One of things that I love about planting trees is the realization of how long this thing that you are putting in a place is going to stay there….and imagining what it will see in it’s life time? A couple summers ago we planted a redwood at a clients home and we all still talk about the excitement of it all.
Planting a beech tree feels the same. The American Beech is a stately native tree; deciduous – growing to 20–35 m (66–110 ft) tall, with smooth, silvery-gray bark. Shade-tolerant and often found in stands will maple in the north and magnolia in the south.
The American Beech bark is an attraction for vandals who carve names, dates, and other material into it. One such tree in Louisville, Kentucky, in what is now the southern part of Iroquois Park, bore the legend “D. Boone kilt a bar” and the year in the late 1700s. This carving was authenticated as early as the mid-1800s, and the tree trunk section is now in the possession of The Filson Historical Society in Louisville. This is the type of thing I drag my children to see.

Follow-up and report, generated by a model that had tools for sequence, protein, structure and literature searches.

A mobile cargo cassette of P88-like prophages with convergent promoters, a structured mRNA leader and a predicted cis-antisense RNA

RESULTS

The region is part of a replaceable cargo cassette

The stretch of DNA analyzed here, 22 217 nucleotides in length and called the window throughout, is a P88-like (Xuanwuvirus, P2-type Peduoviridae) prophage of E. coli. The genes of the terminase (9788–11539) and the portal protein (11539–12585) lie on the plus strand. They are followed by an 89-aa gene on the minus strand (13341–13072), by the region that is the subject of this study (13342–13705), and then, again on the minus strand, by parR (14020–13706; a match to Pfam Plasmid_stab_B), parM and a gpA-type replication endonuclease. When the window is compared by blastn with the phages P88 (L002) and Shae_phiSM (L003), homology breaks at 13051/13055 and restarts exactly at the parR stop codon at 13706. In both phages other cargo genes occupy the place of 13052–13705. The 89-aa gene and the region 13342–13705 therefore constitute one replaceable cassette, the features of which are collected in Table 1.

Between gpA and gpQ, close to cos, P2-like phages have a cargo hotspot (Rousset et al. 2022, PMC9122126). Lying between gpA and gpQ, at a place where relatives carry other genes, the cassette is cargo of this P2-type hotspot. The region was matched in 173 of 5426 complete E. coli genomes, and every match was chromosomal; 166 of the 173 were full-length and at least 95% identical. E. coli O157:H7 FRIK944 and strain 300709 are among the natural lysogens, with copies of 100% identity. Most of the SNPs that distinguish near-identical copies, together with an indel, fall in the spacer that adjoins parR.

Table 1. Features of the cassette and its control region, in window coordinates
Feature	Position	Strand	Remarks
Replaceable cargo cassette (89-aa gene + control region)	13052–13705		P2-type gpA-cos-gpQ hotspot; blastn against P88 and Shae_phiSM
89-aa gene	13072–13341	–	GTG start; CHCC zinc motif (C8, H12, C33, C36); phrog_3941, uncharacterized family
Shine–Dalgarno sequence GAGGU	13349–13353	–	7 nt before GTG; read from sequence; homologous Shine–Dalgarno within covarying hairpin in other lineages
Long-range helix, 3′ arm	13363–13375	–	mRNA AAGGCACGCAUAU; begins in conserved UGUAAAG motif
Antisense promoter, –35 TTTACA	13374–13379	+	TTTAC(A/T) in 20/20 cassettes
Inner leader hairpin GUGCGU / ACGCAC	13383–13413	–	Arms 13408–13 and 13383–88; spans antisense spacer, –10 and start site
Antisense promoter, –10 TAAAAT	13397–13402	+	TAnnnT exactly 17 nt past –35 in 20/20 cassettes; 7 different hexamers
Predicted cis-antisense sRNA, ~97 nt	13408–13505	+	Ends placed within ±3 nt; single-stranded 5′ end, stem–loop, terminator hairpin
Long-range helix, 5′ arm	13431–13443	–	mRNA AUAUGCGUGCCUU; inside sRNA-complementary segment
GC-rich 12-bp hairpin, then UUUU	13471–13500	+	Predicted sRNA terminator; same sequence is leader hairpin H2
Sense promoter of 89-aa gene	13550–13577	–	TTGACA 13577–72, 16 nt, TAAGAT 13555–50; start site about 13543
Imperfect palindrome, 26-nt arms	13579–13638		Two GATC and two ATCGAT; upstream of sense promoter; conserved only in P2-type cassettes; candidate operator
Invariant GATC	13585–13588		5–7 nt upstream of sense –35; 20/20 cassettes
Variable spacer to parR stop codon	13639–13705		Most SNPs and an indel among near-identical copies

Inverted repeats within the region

It is sometimes planted as an ornamental tree, but (even within its native area) much less often than the European Beech; the latter species is faster-growing and somewhat more tolerant of difficult urban sites.
Beech Leaf Liquor by nature adrift.
“This old recipe is thought to originate from south-west England (recipe by Richard Mabey)
A pint of gin steeped in beech leaves for 2-3 weeks
200 g white sugar dissolved in 250 ml of water per pint of gin
Dash of brandy”
1. IMG_7940, 2. snow melting on beech, 3. Fagus grandifolia_bark.JPG, 4. Fagus grandifolia, 5. As is, 6. Fagus grandifolia, 7. Fagus grandifolia, 8. Beech leaves, 9. Fagus grandifolia (Fagaceae)